SUMMARY OF THE INVENTION

The object of the invention is achieved by means of transducers or antennas which comprise, in the space contained between the motor elements and the inner wall of the envelope, a solid material which is separated from the vibrating wall or the envelope by a small clearance which is filled with gas at the same pressure as the outside.

A transducer in accordance with the invention furthermore comprises, within the envelope, at least one cylindrical channel having two open opposite ends within which a piston slides, the first of these ends communicating with the outside of the envelope. The second end is contained within the envelope and communicates with the gas-filled clearance which separates the solid material from the vibrating wall of the envelope.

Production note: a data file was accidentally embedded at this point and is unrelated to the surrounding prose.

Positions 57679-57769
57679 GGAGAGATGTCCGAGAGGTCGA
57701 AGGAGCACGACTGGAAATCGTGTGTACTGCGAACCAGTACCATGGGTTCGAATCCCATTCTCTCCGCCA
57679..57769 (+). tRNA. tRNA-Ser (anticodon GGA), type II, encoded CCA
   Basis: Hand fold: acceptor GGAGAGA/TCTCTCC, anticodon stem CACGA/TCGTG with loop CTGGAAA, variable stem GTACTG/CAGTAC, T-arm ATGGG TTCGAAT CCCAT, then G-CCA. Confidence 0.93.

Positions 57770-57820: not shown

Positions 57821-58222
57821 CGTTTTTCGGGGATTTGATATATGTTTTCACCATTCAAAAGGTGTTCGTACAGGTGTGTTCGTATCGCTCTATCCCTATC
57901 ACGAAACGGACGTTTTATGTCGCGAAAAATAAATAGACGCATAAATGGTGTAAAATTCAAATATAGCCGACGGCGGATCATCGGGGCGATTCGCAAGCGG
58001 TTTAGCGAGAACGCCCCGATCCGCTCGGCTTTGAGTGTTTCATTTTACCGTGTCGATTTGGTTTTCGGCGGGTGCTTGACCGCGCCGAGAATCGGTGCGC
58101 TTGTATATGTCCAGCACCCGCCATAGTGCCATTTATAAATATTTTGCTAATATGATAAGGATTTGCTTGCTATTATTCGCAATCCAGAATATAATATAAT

In a first embodiment, the solid material is an elastomeric material which is poured into the envelope and which occupies the entire space contained between the motor elements and the channels and is separated from the vibrating wall of the envelope by a small gas-filled clearance which communicates with the volume of gas contained between the pistons and the ends of the channels located within the envelope.

In a second embodiment, the solid material is a rigid material which is separated by a very small clearance from the side walls of the piezoelectric motors and from the inner walls of the envelope. This clearance is filled with gas which communicates with the volume of gas contained between the pistons and the ends of the channels located within the envelope.

The invention has resulted in new elementary piezoelectric transducers and new antennas composed of a plurality of transducers placed within the same envelope and which can be immersed to a very great depth. It applies in particular, but not exclusively, to multi-motor transducers and to antennas composed of one or more metal rings which play the role of a horn or vibrating wall, against which several piezoelectric motor elements are radially arranged.